Allard Motor Company, the historic, Gloucester-based sports car company with 89 years continuous racing history, is making its comeback for the first time in 60 years.
Allard were part of this country’s drive to rebuild the economy after the Second World War. Now, continuing where founder Sydney Allard left off more than 60 years ago, the Allard family is offering the first of its JR continuation series, chassis eight (3408) for sale with RM Sotheby’s at its London sale on October 31.
One of the very few remaining family-owned car companies, the JR continuation series has been a collective family project to bring back the Allard name and continue the founding father’s (Sydney Allard) legacy. Hand built in the UK by Sydney’s son, Alan, and grandson Lloyd, alongside his other grandson Gavin, archivist of The Allard Owners Club, the JR continuation model has been built using original drawings and parts, design bucks, traditional materials to the original racing specification.
Around 2,000 Allards were made between 1946-1956 and the family estimate that around 500 original cars still exist across the world. After WW2, the company was well positioned to export to America as their cars were designed to use the high power V8s then being produced in the States. To get around import duties, many cars were sent across the Atlantic without engines, which were bought and fitted in the USA by their new owners.
Sydney Allard won the 1952 Monte Carlo rally in an Allard. He also brought drag racing to Europe. His son, Alan, gained was dubbed “the fastest man in the world” by the press at the time. Alan’s son Lloyd raced in an Allard-built car from 2002 to 2007.
Alan Allard said: “Watching my father build these cars in period is a memory that will always stay with me. The skills he’s passed on to me are now with my son, Lloyd, who has engineered and built the continuation you see today. More than 84 years on since the first Allard car was built, car number eight [after seven original JRs] continues my father, Sydney Allard’s legacy, and if he saw what we were doing today as a family, I know he’d be proud – and desperate to see how it performs on track.”
Allard Motor Company was a revered specialist, low-volume motor vehicle maker based in London, UK. The JR model followed the Allard Motor Company’s J2 and J2X models, which were extensively raced in the USA in the early-Fifties, scoring convincing road racing victories over the latest Ferraris and Jaguars at the hands of such legends as Tom Cole, Erwin Goldschmidt, and Fred Wacker.
Since racing is such a large part of the company’s legacy and passion, the family decided to create the JR continuation series to be competitive and offer customers with the option of HTP papers and accreditation. Fitting the JR with a re-engineered version of the original-specification Cadillac 331 ci (5428cc) overhead valve V8 (300 bhp at 4500 rpm) Allard Sports Cars is also offering three- and four-speed gearboxes (chassis number 3408 fitted with the optional four-speed transmission) and a differential final drive with selection of quick change transfer gears, as well as providing the option to vary the ratio to suit specific events, race circuits and road rallies.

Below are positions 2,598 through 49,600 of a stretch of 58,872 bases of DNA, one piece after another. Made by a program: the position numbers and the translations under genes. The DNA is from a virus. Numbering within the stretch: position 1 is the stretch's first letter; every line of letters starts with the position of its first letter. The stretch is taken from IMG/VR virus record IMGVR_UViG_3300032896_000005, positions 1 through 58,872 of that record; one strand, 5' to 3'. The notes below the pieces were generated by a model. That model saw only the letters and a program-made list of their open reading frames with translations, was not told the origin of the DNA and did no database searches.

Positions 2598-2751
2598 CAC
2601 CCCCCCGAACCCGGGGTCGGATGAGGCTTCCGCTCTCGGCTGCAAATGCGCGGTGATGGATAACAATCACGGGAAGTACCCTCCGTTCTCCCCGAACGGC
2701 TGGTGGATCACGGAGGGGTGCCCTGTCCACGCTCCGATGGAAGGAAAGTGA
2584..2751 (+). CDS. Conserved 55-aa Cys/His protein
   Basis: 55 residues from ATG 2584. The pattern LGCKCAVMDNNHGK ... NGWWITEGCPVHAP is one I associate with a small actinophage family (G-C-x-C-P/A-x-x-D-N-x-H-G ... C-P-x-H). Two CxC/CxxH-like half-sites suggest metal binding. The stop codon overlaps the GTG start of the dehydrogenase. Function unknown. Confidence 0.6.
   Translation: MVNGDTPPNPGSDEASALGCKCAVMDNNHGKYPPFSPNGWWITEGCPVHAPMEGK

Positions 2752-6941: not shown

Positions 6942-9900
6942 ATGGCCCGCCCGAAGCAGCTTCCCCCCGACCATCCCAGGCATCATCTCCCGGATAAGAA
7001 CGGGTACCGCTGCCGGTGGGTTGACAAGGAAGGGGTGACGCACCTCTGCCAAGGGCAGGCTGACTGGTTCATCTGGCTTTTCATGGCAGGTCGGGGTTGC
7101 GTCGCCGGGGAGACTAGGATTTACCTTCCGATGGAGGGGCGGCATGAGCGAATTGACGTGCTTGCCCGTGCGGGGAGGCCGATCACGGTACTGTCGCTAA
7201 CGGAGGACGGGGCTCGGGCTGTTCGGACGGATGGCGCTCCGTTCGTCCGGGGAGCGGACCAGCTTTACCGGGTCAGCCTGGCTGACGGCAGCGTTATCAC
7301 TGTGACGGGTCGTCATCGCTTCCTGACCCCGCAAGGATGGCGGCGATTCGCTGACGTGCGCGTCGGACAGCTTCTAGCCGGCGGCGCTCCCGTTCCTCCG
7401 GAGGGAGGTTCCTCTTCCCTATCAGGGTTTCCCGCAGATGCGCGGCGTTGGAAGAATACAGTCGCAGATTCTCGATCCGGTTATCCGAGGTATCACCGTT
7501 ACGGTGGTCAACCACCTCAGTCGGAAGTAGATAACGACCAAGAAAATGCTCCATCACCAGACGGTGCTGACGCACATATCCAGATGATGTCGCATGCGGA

Eligible for a number of race events, series and road rallies, the JR continuation’s coachbuilder Lloyd Allard said: “As a family we have been passionate in reviving and continuing the legacy of what Sydney Allard created over eight decades ago. Since we’re all [the current Allard family members involved in the project] passionate drivers, engineers and archivists, it’s been important to stay true to our roots and passion. We see this car as a tribute and we’d love to see the JR continuation model car follow in the footsteps of my grandfather’s legacy and get back to Le Mans. Likewise, it would be a pleasure to see our creation on the historic and competition car circuit.”
The continuation JR model chassis number 3408 is exclusively for sale at RM Sotheby’s London sale on 31st October 2020 with an estimate of £180,000 – £240,000. RM Sotheby’s famously sold the 1953 Allard Motor Company JR Le Mans entrant, of which the JR continuation is based, at its Amelia Island sale in 2013 for $605,000 and has auctioned a range of highly collectable Allard racing cars previously.
For all the sporting success of Allard, it should be remembered that they were also a significant manufacturer at a time when British industry was striving to keep the British economy going. Celebrities such as Dirk Bogarde and Steve McQueen were drawn to the fabulous styles and sporting prowess of the Allard cars